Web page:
Ground Broken On New Water Institute In Baton Rouge

BATON ROUGE (AP) — Officials have broken ground on a three-story research and conference center dedicated to water studies.

         On Friday, Gov. Bobby Jindal and other officials held the groundbreaking ceremony for the $22.4 million Water Institute of the Gulf Research and Conference Center. The building will house the Water Institute of the Gulf.

         The Water Institute was set up four years ago with state support to study coastal restoration in Louisiana.

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         The building is part of a bigger campus — a 35-acre Water Campus — dedicated to water issues. New facilities are under construction — the headquarters of the state Coastal Protection and Restoration Authority and the LSU Center for River Studies.

         The campus is on the Mississippi River near downtown Baton Rouge. The new building is expected to be open by 2017.

         The Advocate’s Amy Wold reports that during the groundbreaking ceremony officials called the new facility a beautiful new building that will jut out over the Mississippi River.

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         Jindal also called it "a celebration of the world-class research being done here in Baton Rouge."

         As Louisiana continues to lose coastal land, the state has increased yearly spending on restoration and protection from about $75 million 10 years ago to an average of $600 million a year now, Jindal said.

         "But we have to sustain that work," he said.

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         In addition to being a research facility, the new building extending over the river will include a deck open to the public.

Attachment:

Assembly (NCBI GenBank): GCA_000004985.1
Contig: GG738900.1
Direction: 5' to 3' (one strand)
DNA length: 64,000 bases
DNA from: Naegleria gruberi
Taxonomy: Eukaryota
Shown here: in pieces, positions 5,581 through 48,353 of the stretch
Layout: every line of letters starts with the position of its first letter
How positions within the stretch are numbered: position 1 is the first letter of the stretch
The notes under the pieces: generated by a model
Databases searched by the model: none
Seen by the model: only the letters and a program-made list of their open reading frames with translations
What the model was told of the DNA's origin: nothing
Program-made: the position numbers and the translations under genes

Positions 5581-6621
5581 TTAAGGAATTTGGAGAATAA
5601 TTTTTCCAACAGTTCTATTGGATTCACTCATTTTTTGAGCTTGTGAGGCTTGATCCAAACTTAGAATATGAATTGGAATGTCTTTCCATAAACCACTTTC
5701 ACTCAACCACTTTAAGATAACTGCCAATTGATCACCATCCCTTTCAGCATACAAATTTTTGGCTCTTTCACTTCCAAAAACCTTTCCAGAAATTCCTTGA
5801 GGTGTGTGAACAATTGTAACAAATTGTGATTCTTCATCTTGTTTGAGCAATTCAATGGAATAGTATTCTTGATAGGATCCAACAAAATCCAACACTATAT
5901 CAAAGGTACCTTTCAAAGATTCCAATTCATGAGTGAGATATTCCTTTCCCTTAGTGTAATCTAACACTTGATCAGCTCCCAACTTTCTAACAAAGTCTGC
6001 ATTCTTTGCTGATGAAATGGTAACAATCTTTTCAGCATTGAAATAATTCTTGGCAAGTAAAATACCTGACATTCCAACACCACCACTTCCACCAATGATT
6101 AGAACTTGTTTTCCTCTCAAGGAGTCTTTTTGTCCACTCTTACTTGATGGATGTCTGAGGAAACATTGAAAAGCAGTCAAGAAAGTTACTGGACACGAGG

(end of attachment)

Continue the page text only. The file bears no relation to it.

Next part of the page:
Planners envision the campus over the next 10 years will include commercial offices, retail, restaurant and even residential buildings.

         The campus is the result of cooperation among the state, city, Baton Rouge Area Foundation, LSU and other entities.

         The institute building will be three stories with offices located on the first two floors and with meeting rooms on the third floor to be used by the institute and other groups.

         The institute building is being paid for with $10 million from the state Coastal Protection and Restoration Authority and $12.4 million in state capital outlay funds.

         The Water Institute of the Gulf has 45 employees, but that is expected to grow to 55 by the time the building is ready in summer or fall of 2017, said Chip Groat, president and CEO of the institute.

         That number of employees is expected to grow to 80 in the next five years as the institute branches out its work, and funding opportunities, beyond the state Coastal Protection and Restoration Authority, officials said.

         That expansion of mission has already begun with the institute working on potential projects in Vietnam, Latin America and Egypt, Groat said.

         Formed in February 2012, the Water Institute of the Gulf is to receive a portion of Restore Act money as a result of the Deepwater Horizon disaster in 2010. About $4 million of that money will be available soon, and then the institute will receive $22 million over the next 15 years, about $1.45 million a year.

         For more information



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